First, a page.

Cast iron streetlight, Abinger Place (right)
The land available for building was sold in plots: three on the east side and two on the west as shown below and the development of these was explained to me by Colin Brent at Sussex Archaeological Society. Further details were extracted from the deeds of a number of houses with permission of the owners.9
Detail of Figg map above, showing the blocks of land sold for building in early 19th century
East side: Block 1, Block 2, Block 3.
West side: Block 4, Block 5
Building began in 1812 with Block 1 on the east side. Development of the other blocks of land along both sides of Church Street was complete by the second half of the 19th century.
Thomas Kemp had left this part of Kemps Field to his brother Nathaniel so he could pay off his debts and in 1812 Nathaniel Kemp and his son Thomas Read Kemp of Herstmonceux Place sold it to Joseph King and his trustee Joseph Morris of Lewes (butcher) for £132. The first dwellings were built midway along Church Street.
Joseph King’s terrace of four cottages was built in red and grey brick with the rear walls constructed of flint.
Each house had an outside toilet and there was a shared well and a communal wash house. The construction of the houses appears similar to those in Sun Street described in detail by Brian Cheesmur in The Sun Street Story. A central passage way with the date of 1812 inscribed on a plaque above the entrance, gave access to the back of each cottage. In 1819/20 King sold numbers 9 and 10 (now 31 and 33) to Arthur Slater (a yeoman of Lewes) and 12 (now 37) to James and William Steere in 1833.
Outside toilet and communal washhouse at rear of terrace (right)
After 1812 there was a slump nationally in the construction industry which continued during the agricultural depression of 1815. However with the continuing rise in population and demand for housing, the industry revived and by 1821 construction was taking place along White Hill and Offham Road as well as being resumed in Church Street.
In 1818 the piece of land to the north of the existing terrace was sold by the executors of Thomas Kemp to Sarah King (wife of Joseph King) for £324 17s 6d. She then sold it to John Cowper (carpenter and later county surveyor) and his trustee Francis Harding Gell (gentleman) for £400.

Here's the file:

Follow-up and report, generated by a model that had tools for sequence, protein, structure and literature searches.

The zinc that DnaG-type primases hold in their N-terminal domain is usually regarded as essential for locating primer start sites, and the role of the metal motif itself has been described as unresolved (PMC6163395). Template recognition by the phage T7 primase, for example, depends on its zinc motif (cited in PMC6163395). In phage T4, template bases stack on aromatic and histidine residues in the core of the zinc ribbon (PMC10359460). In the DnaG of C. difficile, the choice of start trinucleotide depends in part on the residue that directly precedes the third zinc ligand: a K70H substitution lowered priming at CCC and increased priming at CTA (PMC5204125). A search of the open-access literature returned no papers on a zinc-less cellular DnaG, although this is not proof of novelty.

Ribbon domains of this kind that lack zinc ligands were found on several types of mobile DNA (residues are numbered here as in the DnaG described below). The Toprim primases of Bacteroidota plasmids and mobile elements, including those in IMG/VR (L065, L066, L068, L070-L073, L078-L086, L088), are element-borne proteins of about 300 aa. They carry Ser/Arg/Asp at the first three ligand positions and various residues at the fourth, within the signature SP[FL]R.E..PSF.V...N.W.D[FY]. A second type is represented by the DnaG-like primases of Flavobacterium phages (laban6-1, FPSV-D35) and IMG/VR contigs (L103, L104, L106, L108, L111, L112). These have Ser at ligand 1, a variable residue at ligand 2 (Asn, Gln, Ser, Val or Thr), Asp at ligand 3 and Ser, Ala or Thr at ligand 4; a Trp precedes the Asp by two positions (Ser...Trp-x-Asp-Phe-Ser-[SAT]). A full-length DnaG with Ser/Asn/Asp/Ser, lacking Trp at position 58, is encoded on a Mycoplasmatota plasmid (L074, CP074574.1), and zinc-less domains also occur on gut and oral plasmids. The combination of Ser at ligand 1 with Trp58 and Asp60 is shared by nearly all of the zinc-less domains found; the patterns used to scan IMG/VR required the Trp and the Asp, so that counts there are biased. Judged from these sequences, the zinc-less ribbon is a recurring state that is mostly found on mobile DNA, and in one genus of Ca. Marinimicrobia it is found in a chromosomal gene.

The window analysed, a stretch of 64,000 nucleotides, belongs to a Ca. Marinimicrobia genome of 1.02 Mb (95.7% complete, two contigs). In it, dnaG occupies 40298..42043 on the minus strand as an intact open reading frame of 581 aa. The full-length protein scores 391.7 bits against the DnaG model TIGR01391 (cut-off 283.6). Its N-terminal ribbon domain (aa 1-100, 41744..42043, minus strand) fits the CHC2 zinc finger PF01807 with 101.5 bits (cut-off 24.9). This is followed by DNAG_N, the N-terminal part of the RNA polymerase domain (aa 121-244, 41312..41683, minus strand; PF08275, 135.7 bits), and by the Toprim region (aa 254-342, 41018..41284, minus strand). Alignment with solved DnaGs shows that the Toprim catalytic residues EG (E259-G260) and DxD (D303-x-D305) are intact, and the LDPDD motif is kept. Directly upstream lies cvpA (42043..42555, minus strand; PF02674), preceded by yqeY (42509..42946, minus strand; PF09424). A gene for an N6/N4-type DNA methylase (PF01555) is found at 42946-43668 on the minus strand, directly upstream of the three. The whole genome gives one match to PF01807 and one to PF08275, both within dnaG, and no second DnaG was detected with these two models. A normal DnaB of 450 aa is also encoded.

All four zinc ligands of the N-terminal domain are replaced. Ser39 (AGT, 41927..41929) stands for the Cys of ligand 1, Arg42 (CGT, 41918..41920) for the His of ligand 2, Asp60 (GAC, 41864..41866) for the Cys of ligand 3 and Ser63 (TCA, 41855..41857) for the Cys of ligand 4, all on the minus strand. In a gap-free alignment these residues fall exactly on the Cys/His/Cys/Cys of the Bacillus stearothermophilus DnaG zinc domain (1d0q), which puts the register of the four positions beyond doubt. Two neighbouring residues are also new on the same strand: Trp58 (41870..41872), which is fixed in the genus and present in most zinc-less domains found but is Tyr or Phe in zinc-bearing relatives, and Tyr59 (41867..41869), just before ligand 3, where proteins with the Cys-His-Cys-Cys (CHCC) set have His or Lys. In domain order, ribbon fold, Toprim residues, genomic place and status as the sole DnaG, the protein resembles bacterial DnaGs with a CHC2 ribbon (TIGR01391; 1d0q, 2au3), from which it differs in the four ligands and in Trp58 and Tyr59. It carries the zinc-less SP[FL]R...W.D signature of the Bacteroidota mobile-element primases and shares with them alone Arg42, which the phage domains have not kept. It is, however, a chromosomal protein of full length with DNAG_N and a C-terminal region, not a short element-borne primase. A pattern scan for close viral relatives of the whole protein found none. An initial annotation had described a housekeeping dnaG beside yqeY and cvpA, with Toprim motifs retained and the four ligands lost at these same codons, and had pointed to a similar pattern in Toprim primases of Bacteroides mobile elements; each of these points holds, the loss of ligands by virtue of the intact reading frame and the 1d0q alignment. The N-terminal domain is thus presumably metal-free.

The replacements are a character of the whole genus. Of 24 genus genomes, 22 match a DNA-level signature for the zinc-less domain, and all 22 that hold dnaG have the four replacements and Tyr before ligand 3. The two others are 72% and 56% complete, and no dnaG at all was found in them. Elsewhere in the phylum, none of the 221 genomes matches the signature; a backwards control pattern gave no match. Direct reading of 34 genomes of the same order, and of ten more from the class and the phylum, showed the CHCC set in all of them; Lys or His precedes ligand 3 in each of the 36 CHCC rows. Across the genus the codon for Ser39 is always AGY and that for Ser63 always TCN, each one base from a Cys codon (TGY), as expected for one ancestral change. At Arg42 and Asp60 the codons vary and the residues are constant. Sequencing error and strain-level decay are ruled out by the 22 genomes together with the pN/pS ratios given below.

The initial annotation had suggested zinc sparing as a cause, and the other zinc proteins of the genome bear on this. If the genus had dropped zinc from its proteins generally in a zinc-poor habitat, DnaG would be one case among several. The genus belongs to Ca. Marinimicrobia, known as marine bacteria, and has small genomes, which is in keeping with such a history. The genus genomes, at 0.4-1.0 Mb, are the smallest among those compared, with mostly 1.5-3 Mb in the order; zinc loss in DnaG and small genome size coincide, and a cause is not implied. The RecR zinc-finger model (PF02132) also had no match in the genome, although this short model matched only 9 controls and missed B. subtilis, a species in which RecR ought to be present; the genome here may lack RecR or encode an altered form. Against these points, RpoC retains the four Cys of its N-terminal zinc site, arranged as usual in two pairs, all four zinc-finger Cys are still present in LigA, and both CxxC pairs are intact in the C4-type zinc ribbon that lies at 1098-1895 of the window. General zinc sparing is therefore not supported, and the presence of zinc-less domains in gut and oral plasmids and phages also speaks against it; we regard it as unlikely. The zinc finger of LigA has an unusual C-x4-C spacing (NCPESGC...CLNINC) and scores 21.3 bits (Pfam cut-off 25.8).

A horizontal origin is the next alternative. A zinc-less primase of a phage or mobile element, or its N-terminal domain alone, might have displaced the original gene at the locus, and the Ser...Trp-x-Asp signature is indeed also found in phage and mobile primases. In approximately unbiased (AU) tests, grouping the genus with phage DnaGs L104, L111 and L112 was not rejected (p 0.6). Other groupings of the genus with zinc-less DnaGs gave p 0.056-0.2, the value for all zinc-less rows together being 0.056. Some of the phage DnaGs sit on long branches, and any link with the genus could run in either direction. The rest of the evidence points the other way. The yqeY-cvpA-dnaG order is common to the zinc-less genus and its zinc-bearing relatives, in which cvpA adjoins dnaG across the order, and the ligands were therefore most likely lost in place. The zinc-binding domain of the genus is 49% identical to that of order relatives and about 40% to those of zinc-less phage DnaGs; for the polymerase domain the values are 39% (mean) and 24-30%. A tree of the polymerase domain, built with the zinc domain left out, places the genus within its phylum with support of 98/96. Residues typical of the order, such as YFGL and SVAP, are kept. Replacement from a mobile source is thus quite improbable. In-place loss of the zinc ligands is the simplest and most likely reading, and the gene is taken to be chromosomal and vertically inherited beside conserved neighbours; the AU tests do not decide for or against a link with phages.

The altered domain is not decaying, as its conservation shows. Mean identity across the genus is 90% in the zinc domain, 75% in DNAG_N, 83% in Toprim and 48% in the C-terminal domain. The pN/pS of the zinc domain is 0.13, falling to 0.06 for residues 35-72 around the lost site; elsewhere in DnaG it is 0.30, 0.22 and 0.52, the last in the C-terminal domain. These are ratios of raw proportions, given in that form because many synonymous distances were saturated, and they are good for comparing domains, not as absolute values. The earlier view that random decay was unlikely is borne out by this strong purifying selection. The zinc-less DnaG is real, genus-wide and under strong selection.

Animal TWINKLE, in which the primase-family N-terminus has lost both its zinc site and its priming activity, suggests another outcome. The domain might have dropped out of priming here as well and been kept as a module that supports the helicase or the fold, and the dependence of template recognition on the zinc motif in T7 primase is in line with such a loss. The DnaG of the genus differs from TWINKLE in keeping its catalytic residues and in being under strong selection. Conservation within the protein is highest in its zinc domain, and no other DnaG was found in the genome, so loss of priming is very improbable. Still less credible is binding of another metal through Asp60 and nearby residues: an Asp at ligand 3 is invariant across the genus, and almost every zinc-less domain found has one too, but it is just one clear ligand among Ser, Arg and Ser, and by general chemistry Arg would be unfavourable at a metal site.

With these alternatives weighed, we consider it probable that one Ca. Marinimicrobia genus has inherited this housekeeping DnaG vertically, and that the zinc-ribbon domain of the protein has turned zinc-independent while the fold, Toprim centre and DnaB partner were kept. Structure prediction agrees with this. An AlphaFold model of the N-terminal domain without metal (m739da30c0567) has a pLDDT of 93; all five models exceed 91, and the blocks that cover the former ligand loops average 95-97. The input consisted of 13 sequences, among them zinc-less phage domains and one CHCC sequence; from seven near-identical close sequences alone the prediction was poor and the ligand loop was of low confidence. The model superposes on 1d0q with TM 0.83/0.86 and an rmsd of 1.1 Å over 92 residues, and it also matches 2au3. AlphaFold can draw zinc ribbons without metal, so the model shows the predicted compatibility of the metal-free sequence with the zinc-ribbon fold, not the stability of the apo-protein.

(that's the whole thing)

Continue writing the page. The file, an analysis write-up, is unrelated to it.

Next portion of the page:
A house, workshop, warehouse and buildings were built by John Cowper between 1818 and 1839 and reflect the taste for a stone-look which had replaced the popular red brick and the chequered red and grey brick of the previous building boom. With the increasing development in the area, house numbers became necessary and Cowper’s buildings became 1-3 Milton Terrace and Milton House (now 1-3 Abinger Place and Abinger House).
5 and 6 Church Street (now 23 and 25 Abinger Place) (photo 2016)
Two further houses (numbers 7 and 8) of ‘brick and flint with stucco fronts and slated’ were built at this time. (Present residents recall a well unearthed at the back of number 7 during work in the 20th century).
These houses are noteworthy for the figurative Coade keystones above the doors which are thought to be of King Alfred who was considered a hero by local Radicals of the time such as James Scarlett (later Lord Abinger). (For more details see section ‘How Church Street became Abinger Place’).
7 and 8 Church Street (now 27 and 29 Abinger Place) (photo 2016) Click image to enlarge
Eleanor Coade (1733 -1821), a London businesswoman, was known for manufacturing high quality neoclassical statues, architectural decorations and garden ornaments. Coade stone features can be seen on buildings such as The Royal Pavilion, Brighton, Royal Naval College, Greenwich and Buckingham Palace. Coade stones continued to be manufactured until 1833 10.
In 1837 John Cowper sold these houses to Latter Parsons of Lewes, a stonemason for £475. He died in 1903 leaving the properties to his daughter Joanna Mannington. Following her death, her trustees sold Number 7 to George John Gillett of Sydney House, School Hill, Lewes for £320. The property was described as having a frontage of 14’6” with a garden of 66’x17′, 4 beds, sitting room, kitchen, scullery, lean-to shed, coal cellar, outside WC as shown below in the particulars of a later sale in 1920 11. The particulars of the sale below note that by 1920 there were connections to gas and water supplies and drains linked to a main sewer The adjoining house, Number 8, was sold at the same time and for the same amount.
In 1812 the trustees of the Kemp family sold a third plot of land in Church Street. In 1827 this was owned by Sam Hillman and houses built here in 1846 were noted as having ‘valuable frontage’ when sold by trustees of the Hillman family. As with the other houses in Church Street, the rear was built with flint which was a plentiful and cheap source of building material.
Nowadays house number 47 exists. However in the 19th century there seems to have been only an outbuilding at the back of 1 Mount Pleasant (then a greengrocers shop) which was converted into a builder’s office in 1959, then a showroom in 1961. Both this and 1 Mount Pleasant became residential properties in 1972. It is understood that number 47 was built over the original well during the conversion.
The land on this side of Church Street was manorial waste land (common land belonging to a manor) on which had been a mound, the gallows, the stocks and a pond. Between 1804 and 1822 Sarah and Ben Ridge bought this land and in 1812 built two houses at the south end (where the Elephant and Castle is today) which they let to tenants. In 1822 they sold part of the remaining land in two plots (Blocks 4 and 5 shown on the map above). Block 4 was bought by a builder (J. Boxall) who built four houses (1-4 Church Street) below.